Homesick? What? Los Angeles is the coolest city with so many opportunities, areas to explore, concerts to go to, beaches to lay at… and the sun is shining all year! So many things to be grateful for! That’s exactly why I was a little embarresed when I started feeling homesick. You’re 24, come on!
The truth is – no matter where you are in life, no matter where you travel to, move to, no matter your career, social status, if you’re single or in a relationship, it’s normal to get homesick.
Since it’s a part of my current job description to live abroad, I slowly learned how to deal with the feeling of missing where I am coming from.
Here are some of my tips, please feel free to share yours!
Understand, you’re not selfish
- My homesickness is often deeply rooted in a knob of guilt in my stomach for not being there for my siblings or parents as much as I could if I lived at home. I’ve often felt selfish whenever my sister got a smaller surgery, when my younger brother was handling my parents divorce alone or when I missed out on birthdays, weddings and sickness.
It’s easy to feel selfish. But you’re not. You are not selfish for following your heart and moving away. Yes, we need to be there for our families. As much as we possible can. But at the same time, you are a better sister, brother, friend, daughter and girlfriend if you’re truly happy. And if your happiness is found on a mountain top in Switzerland or in the streets of Chicago, that’s where you have to go. You just have to.
If your inner love tank isn’t filled all the way up, it’s extremely difficult to shower people around you with love and happiness. It’s the same concept as Oxygen masks on airplanes. You gotta strap that thing around your own face before you can help the guy next to you.
Hard to help anyone if you’re dead, you know.
Homesick? Put Home Into Your Apartment
- In my little room in LA, I have a lot of things that are either from Denmark or associated with Denmark. I have a picture that says: “You can take the girl out of Denmark, but you can’t take Denmark out of the girl”, a picture with the definition of the danish word “hygge”, a little teddy bear my sister gave to me, an entire wall of polaroid photographs of my family and friends, and a couple of books written by danish writers I like.
Make your apartment – or room, if you share a space – your own little bubble of happiness by filling it with things that makes you feel closer to things and people you have a tendency to miss.
It’s such a small thing, but it makes your home feel more safe and familiar, and hey – it’s a great conversation-starter when people come over too!
3. Be where your feet are
I wanted to make a bullet called “call home”, but actually I consider this one for being as – if not more – important. For some people it calms them down and gives them some sort of sanity to be on the phone with the people back home all the time. For others it makes the homesickness way worse. There is definitely a happy medium.
It’s so important to focus on where you are too. To you who just moved: this is your home now. And if you’re still not used to the thought of this being your new home, know that it’s toally okay, but you gotta go out there and make an effort.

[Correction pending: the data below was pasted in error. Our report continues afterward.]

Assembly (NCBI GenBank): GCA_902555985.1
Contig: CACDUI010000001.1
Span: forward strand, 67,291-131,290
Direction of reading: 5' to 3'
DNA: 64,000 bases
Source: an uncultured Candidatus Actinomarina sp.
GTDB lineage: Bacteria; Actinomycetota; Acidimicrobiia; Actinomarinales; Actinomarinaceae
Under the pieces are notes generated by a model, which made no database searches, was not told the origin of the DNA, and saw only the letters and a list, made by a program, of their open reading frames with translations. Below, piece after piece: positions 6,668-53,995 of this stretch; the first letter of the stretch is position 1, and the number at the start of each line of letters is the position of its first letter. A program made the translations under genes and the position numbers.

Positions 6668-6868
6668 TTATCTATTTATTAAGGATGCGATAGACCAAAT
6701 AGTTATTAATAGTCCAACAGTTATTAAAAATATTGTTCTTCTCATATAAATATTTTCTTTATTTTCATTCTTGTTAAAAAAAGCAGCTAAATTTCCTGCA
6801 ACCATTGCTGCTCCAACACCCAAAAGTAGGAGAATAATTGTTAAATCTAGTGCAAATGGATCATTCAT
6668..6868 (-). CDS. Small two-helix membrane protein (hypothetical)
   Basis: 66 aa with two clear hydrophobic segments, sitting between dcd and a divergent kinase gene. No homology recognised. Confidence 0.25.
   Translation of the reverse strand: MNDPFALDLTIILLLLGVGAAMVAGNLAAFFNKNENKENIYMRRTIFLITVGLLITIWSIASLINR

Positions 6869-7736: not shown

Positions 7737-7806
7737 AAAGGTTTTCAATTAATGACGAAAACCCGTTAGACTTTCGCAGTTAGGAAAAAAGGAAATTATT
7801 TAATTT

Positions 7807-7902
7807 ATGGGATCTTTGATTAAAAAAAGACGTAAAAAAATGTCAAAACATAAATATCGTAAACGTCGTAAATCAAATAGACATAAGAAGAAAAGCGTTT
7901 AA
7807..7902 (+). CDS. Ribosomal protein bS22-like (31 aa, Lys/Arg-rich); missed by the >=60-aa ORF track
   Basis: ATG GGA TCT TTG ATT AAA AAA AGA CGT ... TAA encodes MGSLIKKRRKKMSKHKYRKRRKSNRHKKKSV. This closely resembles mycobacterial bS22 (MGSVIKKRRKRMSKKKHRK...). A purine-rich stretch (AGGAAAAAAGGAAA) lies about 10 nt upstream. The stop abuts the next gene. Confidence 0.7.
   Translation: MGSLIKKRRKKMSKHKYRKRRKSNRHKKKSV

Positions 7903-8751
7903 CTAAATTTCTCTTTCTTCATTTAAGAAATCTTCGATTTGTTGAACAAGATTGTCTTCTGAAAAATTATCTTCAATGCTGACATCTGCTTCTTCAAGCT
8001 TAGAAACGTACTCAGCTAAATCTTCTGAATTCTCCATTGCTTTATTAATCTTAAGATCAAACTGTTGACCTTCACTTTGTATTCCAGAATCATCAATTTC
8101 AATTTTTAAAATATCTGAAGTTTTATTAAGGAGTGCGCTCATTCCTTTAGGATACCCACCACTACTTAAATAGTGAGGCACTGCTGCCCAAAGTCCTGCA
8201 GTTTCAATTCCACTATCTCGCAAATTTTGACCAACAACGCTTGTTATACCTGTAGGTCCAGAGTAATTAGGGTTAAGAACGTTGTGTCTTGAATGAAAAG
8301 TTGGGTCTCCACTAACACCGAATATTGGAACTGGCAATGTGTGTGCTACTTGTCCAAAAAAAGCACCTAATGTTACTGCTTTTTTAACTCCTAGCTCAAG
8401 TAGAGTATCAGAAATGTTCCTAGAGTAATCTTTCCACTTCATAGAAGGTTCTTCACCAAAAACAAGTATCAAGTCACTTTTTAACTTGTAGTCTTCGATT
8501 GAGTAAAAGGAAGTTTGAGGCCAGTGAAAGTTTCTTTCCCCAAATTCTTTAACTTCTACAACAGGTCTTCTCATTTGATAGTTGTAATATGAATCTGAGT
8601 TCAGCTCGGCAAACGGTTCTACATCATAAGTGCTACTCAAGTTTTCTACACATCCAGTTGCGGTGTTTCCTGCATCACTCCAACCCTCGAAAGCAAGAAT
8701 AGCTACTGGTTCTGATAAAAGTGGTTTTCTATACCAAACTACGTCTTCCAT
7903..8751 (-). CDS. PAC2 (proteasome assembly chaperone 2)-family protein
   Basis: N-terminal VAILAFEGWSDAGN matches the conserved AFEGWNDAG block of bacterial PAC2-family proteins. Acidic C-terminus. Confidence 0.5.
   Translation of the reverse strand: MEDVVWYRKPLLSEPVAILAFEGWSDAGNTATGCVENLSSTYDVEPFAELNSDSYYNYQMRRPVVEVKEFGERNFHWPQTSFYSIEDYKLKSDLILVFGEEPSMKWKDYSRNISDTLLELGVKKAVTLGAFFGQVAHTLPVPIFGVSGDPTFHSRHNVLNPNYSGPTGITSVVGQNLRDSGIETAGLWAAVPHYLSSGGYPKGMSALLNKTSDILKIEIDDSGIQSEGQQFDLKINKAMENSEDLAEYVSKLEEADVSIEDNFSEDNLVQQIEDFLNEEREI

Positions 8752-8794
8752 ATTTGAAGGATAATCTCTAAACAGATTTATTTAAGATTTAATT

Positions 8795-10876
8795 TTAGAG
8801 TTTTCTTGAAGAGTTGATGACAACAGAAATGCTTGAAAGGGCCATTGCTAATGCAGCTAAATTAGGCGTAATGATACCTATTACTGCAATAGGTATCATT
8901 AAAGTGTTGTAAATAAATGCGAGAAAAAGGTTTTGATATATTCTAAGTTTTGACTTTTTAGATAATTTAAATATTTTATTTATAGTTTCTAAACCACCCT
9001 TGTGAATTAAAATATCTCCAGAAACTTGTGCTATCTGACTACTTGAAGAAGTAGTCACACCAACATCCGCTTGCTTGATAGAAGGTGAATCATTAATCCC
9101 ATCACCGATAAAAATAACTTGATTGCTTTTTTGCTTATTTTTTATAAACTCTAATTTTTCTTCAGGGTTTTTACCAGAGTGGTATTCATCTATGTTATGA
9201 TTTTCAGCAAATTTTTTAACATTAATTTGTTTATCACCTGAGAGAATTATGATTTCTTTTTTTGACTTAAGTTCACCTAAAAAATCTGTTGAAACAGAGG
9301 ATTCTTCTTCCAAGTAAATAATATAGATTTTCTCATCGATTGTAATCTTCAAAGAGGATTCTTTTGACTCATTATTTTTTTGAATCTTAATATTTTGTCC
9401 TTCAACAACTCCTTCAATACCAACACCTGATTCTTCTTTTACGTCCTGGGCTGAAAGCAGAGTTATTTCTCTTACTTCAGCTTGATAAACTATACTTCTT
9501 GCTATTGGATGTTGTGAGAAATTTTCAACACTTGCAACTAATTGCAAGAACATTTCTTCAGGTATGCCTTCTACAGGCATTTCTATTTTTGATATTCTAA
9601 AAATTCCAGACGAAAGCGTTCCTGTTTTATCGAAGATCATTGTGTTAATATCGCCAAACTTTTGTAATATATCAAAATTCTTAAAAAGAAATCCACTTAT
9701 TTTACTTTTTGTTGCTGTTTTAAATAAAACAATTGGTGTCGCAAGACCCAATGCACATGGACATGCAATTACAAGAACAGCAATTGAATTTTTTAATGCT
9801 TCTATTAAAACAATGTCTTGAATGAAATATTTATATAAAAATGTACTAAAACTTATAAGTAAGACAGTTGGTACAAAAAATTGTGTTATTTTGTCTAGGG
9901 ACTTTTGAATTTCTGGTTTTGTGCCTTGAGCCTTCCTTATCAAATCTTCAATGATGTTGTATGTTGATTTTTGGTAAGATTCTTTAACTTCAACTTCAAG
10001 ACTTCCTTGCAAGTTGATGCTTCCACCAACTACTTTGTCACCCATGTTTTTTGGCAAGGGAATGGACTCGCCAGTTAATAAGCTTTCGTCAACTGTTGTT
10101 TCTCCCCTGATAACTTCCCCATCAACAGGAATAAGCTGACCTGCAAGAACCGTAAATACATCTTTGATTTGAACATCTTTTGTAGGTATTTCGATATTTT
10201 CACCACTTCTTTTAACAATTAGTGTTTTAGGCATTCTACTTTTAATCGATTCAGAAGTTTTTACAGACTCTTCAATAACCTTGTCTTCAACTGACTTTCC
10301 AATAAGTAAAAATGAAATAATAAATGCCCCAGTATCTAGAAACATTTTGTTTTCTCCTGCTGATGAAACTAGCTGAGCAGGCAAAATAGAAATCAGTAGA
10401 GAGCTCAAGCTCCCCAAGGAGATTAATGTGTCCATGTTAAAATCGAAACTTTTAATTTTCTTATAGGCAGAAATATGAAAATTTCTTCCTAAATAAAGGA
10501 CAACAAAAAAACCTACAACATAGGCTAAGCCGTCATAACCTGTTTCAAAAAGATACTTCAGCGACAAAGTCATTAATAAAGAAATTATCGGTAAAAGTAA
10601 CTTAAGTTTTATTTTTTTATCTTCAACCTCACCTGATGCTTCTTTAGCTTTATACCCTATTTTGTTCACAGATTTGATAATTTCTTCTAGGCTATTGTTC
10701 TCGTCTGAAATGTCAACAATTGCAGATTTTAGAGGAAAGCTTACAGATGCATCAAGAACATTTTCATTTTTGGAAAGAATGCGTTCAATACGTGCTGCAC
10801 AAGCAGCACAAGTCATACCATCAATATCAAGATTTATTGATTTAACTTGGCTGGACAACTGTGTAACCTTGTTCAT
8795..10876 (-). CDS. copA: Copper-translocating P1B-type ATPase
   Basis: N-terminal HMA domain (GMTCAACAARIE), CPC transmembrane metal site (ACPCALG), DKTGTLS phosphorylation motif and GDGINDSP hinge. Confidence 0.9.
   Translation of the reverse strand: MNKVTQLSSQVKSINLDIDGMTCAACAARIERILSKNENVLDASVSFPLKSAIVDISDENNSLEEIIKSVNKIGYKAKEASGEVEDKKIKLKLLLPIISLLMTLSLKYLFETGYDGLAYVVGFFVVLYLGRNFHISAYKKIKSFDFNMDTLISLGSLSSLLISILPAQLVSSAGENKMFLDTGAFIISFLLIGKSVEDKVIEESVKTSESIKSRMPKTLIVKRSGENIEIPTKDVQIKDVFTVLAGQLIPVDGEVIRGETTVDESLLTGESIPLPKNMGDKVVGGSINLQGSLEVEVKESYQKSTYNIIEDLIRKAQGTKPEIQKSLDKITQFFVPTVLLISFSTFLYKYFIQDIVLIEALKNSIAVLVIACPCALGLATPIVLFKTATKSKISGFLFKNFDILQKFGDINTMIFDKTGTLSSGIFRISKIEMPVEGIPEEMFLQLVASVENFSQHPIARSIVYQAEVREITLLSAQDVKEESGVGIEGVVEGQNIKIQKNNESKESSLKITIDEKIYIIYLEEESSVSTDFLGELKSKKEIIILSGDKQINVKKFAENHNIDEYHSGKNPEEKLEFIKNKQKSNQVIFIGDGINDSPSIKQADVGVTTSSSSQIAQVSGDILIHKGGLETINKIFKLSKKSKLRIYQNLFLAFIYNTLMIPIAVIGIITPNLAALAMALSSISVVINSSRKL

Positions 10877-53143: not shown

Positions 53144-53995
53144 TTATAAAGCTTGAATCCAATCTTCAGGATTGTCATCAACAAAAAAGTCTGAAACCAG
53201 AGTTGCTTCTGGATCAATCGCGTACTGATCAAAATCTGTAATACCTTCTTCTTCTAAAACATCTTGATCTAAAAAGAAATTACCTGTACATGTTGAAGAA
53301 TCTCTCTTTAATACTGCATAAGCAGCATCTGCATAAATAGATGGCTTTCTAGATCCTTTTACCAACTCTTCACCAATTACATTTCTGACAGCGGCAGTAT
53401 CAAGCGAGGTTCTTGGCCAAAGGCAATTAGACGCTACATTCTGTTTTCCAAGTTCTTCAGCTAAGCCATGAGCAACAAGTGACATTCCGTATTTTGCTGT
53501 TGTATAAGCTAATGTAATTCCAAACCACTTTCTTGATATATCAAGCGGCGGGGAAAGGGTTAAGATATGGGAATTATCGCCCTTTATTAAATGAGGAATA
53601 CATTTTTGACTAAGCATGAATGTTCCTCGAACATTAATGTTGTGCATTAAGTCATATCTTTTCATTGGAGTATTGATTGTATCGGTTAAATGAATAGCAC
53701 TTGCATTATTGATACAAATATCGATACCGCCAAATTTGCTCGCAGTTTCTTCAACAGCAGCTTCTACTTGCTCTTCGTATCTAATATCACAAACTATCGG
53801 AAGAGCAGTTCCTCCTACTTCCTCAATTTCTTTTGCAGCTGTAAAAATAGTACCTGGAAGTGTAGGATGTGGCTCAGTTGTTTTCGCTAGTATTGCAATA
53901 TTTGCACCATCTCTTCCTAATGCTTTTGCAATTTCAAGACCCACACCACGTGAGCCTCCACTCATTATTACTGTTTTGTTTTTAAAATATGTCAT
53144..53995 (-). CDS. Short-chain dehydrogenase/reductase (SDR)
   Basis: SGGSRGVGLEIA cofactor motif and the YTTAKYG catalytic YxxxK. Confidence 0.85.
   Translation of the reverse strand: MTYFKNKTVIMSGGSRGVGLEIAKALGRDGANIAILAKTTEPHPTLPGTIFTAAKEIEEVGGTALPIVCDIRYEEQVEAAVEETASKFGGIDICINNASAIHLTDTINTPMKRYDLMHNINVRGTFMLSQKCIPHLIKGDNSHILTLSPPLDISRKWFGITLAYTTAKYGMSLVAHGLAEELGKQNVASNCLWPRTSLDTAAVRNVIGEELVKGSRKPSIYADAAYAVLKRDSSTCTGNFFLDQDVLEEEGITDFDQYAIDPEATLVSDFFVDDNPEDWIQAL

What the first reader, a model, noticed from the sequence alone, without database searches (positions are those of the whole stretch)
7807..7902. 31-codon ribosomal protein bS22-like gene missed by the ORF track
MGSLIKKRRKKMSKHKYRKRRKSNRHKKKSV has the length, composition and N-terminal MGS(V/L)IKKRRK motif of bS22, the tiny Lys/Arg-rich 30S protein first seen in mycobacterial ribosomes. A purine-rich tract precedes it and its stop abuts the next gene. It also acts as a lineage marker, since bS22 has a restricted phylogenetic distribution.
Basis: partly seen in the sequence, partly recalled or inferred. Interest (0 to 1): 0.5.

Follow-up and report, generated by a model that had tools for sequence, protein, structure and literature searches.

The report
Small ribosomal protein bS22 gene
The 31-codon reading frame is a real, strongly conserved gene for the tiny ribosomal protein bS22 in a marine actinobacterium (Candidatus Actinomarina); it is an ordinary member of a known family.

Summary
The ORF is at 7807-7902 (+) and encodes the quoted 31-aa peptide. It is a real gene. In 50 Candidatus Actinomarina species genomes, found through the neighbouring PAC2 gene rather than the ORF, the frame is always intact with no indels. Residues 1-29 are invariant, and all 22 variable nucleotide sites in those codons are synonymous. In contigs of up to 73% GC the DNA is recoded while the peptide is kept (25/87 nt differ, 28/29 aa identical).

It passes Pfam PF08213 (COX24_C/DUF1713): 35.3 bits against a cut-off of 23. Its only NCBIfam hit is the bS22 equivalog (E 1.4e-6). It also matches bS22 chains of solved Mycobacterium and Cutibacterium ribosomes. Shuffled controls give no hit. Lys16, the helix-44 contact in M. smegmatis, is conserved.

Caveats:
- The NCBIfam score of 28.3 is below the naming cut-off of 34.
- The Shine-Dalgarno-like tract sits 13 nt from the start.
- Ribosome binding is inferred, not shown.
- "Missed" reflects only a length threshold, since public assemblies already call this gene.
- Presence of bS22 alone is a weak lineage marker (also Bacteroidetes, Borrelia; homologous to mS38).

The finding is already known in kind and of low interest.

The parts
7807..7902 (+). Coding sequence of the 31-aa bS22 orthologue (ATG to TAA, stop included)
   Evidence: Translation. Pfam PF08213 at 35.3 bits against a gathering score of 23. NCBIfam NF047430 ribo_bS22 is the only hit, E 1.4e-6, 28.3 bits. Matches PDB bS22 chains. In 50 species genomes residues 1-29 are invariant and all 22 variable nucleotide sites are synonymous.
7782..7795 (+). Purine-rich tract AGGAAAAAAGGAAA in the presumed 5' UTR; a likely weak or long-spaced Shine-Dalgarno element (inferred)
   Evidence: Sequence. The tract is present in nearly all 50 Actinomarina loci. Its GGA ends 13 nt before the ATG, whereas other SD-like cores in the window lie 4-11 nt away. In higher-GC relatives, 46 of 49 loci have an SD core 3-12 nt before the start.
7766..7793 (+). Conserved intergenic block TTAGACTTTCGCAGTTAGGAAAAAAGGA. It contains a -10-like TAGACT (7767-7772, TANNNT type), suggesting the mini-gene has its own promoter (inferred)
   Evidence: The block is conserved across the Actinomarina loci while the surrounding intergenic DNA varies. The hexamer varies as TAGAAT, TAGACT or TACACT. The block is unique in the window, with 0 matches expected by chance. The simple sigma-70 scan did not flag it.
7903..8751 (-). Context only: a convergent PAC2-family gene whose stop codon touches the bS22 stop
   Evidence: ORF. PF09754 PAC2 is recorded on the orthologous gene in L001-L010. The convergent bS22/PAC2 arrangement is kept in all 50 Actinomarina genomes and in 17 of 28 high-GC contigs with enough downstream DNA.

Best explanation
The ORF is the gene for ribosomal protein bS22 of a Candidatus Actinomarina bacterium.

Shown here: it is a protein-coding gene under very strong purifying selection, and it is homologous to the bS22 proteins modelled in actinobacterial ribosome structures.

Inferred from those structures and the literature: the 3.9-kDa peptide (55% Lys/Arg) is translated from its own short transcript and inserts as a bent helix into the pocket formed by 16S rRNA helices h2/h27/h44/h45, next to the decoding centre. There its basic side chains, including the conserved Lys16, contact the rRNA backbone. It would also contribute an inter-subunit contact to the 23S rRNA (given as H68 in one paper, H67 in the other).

I definitely gave in and hid from the new and unfamiliar world when I first moved. Constantly speaking a foreign language, not really knowing anyone, not having a job.. i get it! You feel like you’re Ariel in that scene from The Little Mermaid where her fish-life is over and she turns into a human and stumble around on the beach. It’s stressful. But there is only one way, and that is through. When you feel homesick, force yourself to go outside, meet people, go to the gym etc. etc.
(Overthinking? Easy steps to get out of your head right here!)
4. Talk it out
Sometimes it feels like noone around you understands. Especially if you’re moving from another country, you can suddenly feel more foreign than ever before when you feel homesick. Yes, you look like people around you, but I get it – you’re in another culture, you constantly speak a different language and even though you’ve made the effort to speak the language fluent, there are still words you don’t know. How you are raised is different from how people are raised out here and their beliefs are just different from yours. Not better, not worse. Just different.
Expressing how you feel in a foreign language can linguistically be difficult sometimes. It’s like painting a picture, where the colors are your words and the picture is how you feel. Your vocabulary allows you to paint with green, blue, yellow, red and orange, but you don’t always have the nuances. In a foreign language you don’t always have sapphire blue, navy blue or pacific blue, so if you wanna express yourself with navy blue, you have to get extra creative and mix the colors you do have. Sometimes you end up with a color that’s kinda-sorta similar to what you wanted, but sometimes not at all. It can be frustrating, but you have to resist the urge to give up and stop expressing how you feel at all. I know – sometimes it’s just too exhausting to try to paint a blue sky when all you got is black, red and pink.